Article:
By Mario Casayuram
Responding to President Duterte’s State of the Nation Address (SONA) last Monday urging Congress to revive the Reserved Officers’ Training Corps (ROTC) for students in grades 11 and 12, neophyte Senator Imee R. Marcos said there are other ways to love and serve our country besides fighting wars.
Marcos thus filed Senate Bill 413 to push for a “Citizen Service Program” (CSP) in grade school to college.
The lady lawmaker stressed that “civic involvement and not just mandatory military training could enhance discipline and patriotism among the youth.”
The CSP “still accommodates President Duterte’s call for military training for the youth but allows college students the choice of training instead in community service, disaster preparedness, and environmental protection to develop a sense of ‘bayanihan’, which is embodied in Filipino culture and history,” she explained.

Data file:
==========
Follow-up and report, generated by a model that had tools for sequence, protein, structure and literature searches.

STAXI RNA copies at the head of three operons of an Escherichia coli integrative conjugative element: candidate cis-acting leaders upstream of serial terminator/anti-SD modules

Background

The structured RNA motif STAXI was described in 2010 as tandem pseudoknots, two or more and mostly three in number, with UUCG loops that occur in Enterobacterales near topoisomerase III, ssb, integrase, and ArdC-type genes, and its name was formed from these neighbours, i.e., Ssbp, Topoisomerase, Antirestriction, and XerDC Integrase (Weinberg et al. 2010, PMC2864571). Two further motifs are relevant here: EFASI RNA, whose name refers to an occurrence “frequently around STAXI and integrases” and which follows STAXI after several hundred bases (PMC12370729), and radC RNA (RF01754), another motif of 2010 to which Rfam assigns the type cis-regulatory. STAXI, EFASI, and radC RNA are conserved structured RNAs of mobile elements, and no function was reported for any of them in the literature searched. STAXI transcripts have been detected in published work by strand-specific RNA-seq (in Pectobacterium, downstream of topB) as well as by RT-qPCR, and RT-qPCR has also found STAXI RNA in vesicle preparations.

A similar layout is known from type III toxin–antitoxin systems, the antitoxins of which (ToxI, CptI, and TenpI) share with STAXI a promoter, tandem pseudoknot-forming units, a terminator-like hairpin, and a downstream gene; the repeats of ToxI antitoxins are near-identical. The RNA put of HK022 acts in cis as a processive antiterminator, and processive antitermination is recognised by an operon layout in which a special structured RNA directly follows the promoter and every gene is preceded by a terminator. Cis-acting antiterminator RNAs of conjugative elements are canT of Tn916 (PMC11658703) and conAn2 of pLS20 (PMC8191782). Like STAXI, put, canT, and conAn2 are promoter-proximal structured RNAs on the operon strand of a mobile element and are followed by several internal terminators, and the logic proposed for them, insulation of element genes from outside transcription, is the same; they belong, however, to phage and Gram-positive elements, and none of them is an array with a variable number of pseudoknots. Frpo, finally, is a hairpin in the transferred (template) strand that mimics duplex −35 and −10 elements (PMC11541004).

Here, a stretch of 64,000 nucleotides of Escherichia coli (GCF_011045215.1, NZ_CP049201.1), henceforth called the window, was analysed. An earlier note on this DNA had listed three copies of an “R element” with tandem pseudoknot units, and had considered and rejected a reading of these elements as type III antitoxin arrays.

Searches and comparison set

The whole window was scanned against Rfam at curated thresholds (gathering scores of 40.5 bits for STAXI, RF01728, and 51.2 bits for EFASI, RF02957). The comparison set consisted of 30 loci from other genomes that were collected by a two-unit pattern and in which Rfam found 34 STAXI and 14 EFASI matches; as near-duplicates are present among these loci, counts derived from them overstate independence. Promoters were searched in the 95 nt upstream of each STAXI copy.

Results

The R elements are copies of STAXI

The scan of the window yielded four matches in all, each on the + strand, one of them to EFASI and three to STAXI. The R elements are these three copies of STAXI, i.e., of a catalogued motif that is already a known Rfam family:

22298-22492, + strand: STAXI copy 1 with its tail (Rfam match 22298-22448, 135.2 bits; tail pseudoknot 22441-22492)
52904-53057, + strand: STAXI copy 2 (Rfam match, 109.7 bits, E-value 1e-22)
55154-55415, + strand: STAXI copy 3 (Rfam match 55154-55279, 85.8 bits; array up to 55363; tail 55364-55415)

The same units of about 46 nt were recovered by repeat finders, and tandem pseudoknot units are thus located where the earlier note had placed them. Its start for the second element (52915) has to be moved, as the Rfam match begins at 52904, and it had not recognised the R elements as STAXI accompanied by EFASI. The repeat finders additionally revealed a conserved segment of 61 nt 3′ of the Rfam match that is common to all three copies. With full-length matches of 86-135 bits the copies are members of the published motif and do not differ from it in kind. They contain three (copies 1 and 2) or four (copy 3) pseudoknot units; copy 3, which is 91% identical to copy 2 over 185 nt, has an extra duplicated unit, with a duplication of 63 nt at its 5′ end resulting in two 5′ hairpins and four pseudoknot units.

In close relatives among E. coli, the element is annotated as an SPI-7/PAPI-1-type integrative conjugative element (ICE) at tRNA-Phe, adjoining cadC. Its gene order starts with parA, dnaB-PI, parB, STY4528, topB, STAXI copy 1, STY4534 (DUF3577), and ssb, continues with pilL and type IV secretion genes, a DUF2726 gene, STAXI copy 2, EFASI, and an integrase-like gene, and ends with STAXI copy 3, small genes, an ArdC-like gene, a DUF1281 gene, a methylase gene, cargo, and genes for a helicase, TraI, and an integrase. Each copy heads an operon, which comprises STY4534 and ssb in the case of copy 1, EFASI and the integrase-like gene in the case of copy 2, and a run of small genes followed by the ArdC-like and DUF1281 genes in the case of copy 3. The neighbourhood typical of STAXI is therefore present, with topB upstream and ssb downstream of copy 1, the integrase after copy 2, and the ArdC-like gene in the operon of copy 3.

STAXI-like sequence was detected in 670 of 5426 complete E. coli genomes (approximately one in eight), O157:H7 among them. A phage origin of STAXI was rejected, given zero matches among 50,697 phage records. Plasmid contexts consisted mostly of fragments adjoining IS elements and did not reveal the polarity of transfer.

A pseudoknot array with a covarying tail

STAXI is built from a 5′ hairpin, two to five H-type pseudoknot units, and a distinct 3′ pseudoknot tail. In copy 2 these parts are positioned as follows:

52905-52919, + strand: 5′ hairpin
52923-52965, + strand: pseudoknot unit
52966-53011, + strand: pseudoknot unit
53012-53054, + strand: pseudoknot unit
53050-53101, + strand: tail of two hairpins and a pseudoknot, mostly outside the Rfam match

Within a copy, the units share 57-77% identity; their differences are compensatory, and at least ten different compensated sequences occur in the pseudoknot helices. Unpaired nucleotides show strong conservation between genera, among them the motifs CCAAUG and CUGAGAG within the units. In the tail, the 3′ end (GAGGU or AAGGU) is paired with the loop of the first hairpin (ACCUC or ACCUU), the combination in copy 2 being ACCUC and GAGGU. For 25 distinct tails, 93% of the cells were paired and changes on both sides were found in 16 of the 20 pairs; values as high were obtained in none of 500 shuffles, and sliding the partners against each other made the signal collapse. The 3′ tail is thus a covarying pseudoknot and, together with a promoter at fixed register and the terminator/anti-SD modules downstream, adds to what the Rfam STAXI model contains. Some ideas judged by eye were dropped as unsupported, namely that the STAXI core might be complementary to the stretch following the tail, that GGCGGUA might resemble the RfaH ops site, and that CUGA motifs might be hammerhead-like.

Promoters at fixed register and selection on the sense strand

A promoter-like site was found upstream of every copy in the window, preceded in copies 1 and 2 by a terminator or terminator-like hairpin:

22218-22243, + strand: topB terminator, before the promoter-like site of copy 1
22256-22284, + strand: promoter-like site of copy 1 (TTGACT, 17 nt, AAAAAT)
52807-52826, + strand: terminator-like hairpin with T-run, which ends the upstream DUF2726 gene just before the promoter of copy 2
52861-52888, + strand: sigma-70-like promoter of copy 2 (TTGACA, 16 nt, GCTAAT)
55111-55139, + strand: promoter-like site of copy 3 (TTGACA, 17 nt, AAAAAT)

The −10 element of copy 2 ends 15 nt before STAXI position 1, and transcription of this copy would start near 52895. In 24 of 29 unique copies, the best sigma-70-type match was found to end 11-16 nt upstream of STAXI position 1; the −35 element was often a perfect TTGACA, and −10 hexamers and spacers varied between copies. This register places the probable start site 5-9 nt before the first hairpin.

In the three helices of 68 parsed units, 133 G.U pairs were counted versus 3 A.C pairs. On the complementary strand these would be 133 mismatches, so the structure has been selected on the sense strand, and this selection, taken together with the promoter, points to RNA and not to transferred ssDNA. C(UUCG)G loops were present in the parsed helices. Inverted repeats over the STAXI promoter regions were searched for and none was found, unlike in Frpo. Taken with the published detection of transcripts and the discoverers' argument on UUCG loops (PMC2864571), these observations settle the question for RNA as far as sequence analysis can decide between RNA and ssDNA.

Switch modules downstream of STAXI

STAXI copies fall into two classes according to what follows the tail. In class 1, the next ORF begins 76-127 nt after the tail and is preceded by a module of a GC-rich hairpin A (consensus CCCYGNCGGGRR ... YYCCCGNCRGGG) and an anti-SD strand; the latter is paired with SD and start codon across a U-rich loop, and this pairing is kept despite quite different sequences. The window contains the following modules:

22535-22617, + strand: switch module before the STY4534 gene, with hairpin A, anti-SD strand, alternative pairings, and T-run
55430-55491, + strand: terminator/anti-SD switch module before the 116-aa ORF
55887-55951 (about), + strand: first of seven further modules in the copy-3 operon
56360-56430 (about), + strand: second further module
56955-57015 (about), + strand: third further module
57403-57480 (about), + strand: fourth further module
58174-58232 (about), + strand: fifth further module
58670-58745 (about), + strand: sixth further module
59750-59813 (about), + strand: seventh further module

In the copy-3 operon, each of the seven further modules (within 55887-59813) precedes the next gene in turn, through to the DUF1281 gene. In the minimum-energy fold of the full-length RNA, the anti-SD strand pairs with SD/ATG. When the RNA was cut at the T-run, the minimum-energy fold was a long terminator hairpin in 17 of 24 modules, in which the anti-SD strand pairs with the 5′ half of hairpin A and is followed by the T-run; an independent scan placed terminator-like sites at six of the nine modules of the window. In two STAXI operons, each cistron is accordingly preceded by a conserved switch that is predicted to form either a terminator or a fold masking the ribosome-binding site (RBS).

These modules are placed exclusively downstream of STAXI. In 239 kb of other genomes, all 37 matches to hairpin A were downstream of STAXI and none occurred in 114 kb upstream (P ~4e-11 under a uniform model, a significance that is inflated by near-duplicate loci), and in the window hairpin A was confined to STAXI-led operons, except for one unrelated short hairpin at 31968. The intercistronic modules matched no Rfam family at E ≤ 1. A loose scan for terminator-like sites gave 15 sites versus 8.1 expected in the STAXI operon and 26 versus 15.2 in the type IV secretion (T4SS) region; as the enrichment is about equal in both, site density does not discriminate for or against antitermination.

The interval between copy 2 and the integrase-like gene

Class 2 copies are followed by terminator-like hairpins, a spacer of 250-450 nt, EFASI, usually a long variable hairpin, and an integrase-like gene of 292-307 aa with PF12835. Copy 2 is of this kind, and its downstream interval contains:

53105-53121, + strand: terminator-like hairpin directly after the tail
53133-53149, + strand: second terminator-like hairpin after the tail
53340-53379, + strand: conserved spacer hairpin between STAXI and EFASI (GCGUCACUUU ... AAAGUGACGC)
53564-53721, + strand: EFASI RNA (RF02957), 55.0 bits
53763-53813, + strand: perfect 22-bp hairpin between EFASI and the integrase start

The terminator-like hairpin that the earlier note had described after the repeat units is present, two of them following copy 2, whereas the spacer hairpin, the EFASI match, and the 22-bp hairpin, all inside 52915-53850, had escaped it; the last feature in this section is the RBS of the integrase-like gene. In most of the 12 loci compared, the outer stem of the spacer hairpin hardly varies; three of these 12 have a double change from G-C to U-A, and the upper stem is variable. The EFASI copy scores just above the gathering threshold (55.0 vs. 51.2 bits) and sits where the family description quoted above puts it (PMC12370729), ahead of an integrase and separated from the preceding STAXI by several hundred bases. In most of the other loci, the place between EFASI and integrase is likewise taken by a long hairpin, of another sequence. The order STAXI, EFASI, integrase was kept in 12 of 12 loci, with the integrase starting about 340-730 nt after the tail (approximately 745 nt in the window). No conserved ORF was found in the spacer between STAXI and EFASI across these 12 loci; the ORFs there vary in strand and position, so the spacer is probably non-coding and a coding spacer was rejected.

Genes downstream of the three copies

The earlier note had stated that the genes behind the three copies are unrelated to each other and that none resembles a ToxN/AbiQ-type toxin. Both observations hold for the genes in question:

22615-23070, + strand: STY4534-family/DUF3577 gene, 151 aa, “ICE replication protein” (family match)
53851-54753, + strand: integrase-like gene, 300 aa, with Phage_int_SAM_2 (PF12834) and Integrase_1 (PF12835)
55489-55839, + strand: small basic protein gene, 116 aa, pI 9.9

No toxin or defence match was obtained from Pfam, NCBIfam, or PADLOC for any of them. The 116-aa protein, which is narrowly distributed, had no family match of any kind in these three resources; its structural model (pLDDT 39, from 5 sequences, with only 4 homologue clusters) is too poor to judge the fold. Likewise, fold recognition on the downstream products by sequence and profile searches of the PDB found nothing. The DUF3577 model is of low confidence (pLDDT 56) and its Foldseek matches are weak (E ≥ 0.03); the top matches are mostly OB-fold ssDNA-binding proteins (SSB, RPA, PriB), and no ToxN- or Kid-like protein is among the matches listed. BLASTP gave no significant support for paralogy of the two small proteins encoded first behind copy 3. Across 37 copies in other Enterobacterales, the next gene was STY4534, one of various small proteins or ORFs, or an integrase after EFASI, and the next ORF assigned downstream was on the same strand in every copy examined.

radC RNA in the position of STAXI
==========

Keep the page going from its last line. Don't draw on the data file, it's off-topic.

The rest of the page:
Calling ROTC “explicitly military,” Marcos said that making military training an option for college-level students instead of a requirement for those in grade 11 and 12 respects United Nations Resolution 1261 and other declarations on the rights of a child and children in armed conflict.
The Marcos bill ensures free health insurance and medical services to students who opt for ROTC training, while officers will earn stipends.
“This has been my position even during the time my father was president,” Marcos explained.
Marcos is one of the three children of the late President Ferdinand E. Marcos.
The YCAP (Youth Civic Action Program) and YDT (Youth Development Training) of which students in the 70’s are familiar with was borne out of that father-and-daughter argument, she said.